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After lunch, we walk back to the hotel for rest and work.  In the late afternoon, with rain threatening we get in the car for an expedition to a couple of museums.  The less said about the expedition, the better.  Our first destination–the Museo del Tessuto (Museum of Textiles)–turns out to be closed; I had somehow misread the opening hours.  And the second–the Luigi Pecci Center for Contemporary Art–is just closed with no explanation.  And to top it all off, it is raining and we get caught up in heavy rush hour traffic making the trip back to the hotel very difficult.

We have to circle around once before finding a parking space and make it back to the room without getting wet.  Once the rain stops, we decide to have an apertivo at a nearby bar.  The prosecco is fine but the outdoor tables are full of noisy school kids….we will have to pick a different bar next time.

Back at the hotel, we have a long discussion with the manager of the hotel while we settle up the bill.  She complains how difficult it is to drum up any tourist trade from Americans even though she uses all the social media–Facebook, Skype et al.  I tell her that I have never convinced any clients to give Prato a try and don’t think it will be an easy sell, even though we like Prato very much.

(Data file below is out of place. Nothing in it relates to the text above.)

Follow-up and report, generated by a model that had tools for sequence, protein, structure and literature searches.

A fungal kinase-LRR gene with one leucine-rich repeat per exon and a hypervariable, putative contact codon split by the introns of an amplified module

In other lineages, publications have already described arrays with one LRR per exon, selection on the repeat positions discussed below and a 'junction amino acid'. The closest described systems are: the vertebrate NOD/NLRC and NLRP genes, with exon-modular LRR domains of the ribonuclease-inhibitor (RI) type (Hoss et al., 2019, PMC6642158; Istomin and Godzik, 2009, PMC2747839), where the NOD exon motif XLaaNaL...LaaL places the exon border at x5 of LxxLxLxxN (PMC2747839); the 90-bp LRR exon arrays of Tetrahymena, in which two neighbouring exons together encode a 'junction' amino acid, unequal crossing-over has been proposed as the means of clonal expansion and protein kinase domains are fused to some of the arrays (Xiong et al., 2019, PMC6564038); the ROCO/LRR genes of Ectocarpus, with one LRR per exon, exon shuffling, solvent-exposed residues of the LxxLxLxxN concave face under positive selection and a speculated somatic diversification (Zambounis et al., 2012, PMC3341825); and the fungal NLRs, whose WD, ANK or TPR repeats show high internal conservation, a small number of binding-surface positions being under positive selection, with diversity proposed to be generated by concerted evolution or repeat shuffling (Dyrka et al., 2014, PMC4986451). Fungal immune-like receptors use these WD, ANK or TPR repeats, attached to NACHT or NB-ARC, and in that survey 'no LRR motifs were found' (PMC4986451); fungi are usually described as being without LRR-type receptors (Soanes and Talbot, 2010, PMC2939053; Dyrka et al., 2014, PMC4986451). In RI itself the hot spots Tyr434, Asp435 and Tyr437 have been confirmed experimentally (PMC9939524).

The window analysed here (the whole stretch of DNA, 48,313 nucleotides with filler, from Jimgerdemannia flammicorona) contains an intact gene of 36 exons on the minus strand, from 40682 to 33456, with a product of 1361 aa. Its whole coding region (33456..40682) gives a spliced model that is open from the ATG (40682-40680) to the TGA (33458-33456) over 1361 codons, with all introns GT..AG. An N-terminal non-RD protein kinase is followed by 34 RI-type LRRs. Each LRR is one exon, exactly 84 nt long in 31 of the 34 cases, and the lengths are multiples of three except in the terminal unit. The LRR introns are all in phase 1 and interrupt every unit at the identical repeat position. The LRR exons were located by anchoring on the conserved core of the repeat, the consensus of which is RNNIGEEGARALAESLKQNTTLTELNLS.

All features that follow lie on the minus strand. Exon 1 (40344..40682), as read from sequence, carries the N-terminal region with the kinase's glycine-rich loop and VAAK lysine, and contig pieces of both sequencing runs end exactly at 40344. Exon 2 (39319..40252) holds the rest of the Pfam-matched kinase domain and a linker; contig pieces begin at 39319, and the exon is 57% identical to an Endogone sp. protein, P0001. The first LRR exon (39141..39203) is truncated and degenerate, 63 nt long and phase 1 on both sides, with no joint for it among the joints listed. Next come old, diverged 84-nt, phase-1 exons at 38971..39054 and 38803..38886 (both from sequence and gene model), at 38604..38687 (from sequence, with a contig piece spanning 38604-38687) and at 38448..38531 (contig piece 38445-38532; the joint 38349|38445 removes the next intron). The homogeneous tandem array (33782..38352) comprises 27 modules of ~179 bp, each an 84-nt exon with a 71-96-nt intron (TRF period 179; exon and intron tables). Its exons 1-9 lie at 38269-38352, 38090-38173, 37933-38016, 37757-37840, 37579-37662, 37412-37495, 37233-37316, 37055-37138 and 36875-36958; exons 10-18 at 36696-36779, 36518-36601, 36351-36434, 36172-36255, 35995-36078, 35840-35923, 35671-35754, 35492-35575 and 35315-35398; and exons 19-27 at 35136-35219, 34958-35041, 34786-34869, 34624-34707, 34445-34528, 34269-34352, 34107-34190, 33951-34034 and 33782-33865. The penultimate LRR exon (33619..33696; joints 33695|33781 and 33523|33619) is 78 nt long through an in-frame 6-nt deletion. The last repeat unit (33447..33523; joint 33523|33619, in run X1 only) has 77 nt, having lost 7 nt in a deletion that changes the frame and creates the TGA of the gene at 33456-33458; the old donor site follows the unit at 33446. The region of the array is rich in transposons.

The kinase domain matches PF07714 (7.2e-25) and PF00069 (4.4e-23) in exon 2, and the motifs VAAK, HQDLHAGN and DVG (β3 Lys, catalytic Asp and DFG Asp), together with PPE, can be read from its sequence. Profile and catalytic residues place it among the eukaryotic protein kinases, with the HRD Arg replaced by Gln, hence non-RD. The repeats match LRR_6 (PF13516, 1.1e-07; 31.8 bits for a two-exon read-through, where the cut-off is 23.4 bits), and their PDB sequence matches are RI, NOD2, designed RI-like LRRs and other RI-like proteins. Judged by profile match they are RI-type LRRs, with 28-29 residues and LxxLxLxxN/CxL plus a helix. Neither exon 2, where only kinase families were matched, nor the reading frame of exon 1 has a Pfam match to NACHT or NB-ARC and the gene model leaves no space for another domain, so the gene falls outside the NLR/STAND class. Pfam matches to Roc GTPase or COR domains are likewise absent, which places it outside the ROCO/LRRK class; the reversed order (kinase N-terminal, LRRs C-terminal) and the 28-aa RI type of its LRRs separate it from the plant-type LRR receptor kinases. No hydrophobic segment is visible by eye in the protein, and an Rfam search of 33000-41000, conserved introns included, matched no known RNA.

We also discuss the presence of many Chinese in has the second largest Chinatown in Italy (after Milan).  Chinese companies are now very active in the textile industry and they bring in Chinese workers who undercut wages of Italians and are said to produce inferior products that have the “Made in Italy” label. Other people we spoke to share the resentment of the Chinese in Prato and blame the government for not doing more to discourage the increase. 

We have dinner at a nearby place–an informal, old-style trattoria listed in the Slow Food Guide.   Trattoria Soldano is a treat–a no-nonsense place with low prices, little style, a welcoming atmosphere and terrific food.  Diana has a dish of prosciutto, stracchino and “coccole”, a fried bread that we have also had in Emilia-Romagna – followed by a beautifully fried “fritto misto”.  I try the local specialty–mortadella di Prato–which is different than the Bolognese version–a little less delicate–but still good and a plate of very good pici (thick homemade pasta) with a sauce of wild boar (cinghiale).  The house wine is okay and the bread is very good.

We have a nice time talking to the Italian couple sitting next to us who are there with their one month old baby son…we show them pictures of our grandchildren and talk a bit (in our limited Italian and their limited English) about Prato, the United States and having babies.  All in all, a very nice evening…

Tomorrow we will try again for the Museum of Textiles and then drive to Vicchio (north of Florence) to have lunch with our friends Jane and Carlo at their house.

Jim and Diana

1 comment:

  1. Nothing else to say that "wow". This is an experience a person would truly cherish as you have gone to places that are priceless. Are there still Italian fine arts today?